Friday, September 22, 2017

Excerpt: To Wager Her Heart by Tamera Alexander

  
From #1 CBA Bestselling Author Tamera Alexander Impeccable historical research woven with heart-gripping fiction!




                     To read an excerpt from this book, click here


With fates bound by a shared tragedy, a reformed gambler from the Colorado Territory and a Southern Belle bent on breaking free from society’s expectations must work together to achieve their dreams – provided the truth doesn’t tear them apart first.

Seeking justice . . .

Sylas Rutledge, the new owner of the Northeast Line Railroad, invests everything he has into this venture, partly for the sake of the challenge. But mostly to clear his father’s name. One man holds the key to Sy’s success–General William Giles Harding of Nashville’s Belle Meade Plantation. But Harding is champagne and thoroughbreds, and Sy Rutledge is beer and bullocks. .

Sy needs someone to help him maneuver his way through Nashville’s society, and when he meets Alexandra Jamison, he quickly decides he’s found his tutor. Only, he soon discovers that the very train accident his father is blamed for causing is what killed Alexandra Jamison’s fiancé–and has shattered her world.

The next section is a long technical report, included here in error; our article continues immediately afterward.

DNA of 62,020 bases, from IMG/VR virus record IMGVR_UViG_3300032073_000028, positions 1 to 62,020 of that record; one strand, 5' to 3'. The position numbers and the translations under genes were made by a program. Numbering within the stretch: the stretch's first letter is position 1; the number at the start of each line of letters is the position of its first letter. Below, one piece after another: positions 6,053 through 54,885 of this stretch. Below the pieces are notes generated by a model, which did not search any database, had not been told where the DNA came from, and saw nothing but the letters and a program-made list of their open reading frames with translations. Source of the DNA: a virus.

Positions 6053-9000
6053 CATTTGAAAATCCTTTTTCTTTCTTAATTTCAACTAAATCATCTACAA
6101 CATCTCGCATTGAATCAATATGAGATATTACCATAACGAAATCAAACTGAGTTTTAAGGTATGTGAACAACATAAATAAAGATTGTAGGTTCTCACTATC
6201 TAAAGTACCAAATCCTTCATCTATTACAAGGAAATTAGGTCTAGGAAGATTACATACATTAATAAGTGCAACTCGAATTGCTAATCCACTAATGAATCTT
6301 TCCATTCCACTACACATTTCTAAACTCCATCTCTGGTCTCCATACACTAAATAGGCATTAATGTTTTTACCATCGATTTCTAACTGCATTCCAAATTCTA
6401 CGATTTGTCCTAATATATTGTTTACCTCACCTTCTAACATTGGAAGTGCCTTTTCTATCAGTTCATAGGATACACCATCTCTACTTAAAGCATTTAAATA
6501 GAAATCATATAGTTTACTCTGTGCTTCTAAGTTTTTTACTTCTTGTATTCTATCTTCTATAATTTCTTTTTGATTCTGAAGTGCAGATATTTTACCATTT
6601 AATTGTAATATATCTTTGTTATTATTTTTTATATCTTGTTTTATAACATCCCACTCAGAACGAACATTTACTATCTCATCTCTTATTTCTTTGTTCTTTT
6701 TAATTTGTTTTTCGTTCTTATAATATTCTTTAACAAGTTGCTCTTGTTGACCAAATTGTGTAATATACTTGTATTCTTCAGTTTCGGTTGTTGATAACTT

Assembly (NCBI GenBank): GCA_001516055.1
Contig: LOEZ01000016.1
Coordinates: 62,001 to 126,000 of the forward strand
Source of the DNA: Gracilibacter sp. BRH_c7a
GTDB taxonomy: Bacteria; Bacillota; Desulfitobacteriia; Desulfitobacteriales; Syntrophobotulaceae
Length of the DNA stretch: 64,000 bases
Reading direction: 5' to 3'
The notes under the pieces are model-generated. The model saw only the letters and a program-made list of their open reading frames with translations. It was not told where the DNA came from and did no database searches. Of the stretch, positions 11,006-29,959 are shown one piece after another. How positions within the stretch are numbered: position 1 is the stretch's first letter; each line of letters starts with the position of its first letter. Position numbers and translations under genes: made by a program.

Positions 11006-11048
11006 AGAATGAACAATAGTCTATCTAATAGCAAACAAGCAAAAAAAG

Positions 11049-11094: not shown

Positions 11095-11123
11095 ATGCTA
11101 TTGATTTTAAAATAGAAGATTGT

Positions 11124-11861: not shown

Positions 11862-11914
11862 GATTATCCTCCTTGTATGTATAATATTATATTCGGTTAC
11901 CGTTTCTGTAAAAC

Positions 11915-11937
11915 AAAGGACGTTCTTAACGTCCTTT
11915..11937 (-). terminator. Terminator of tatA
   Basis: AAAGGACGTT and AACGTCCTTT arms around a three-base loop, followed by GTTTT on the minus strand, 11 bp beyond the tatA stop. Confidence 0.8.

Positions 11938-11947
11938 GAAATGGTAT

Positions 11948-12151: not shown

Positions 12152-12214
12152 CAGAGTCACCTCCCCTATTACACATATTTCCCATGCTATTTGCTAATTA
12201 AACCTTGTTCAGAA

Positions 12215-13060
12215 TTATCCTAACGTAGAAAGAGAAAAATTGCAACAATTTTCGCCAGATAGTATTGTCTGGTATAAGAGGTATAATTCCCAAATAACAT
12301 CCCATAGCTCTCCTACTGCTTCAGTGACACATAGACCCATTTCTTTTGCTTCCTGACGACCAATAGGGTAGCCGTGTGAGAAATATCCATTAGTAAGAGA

Struggling to restore honor . . .

Spurning an arranged marriage by her father, Alexandra instead pursues her passion for teaching at Fisk University, the first freedmen’s university in the United States. But family–and Nashville society–do not approve, and she soon finds herself cast out from both.

Through connections with the Harding family, Alexandra and Sy become unlikely allies. And despite her first impressions, Alexandra gradually finds herself coming to respect, and even care for this man. But how can she, when her heart is still spoken for? And when Sy’s roguish qualities and adventuresome spirit smack more of recklessness than responsibility and honor?

Sylas Rutledge will risk everything to win over the woman he loves. What he doesn’t count on is having to wager her heart to do it.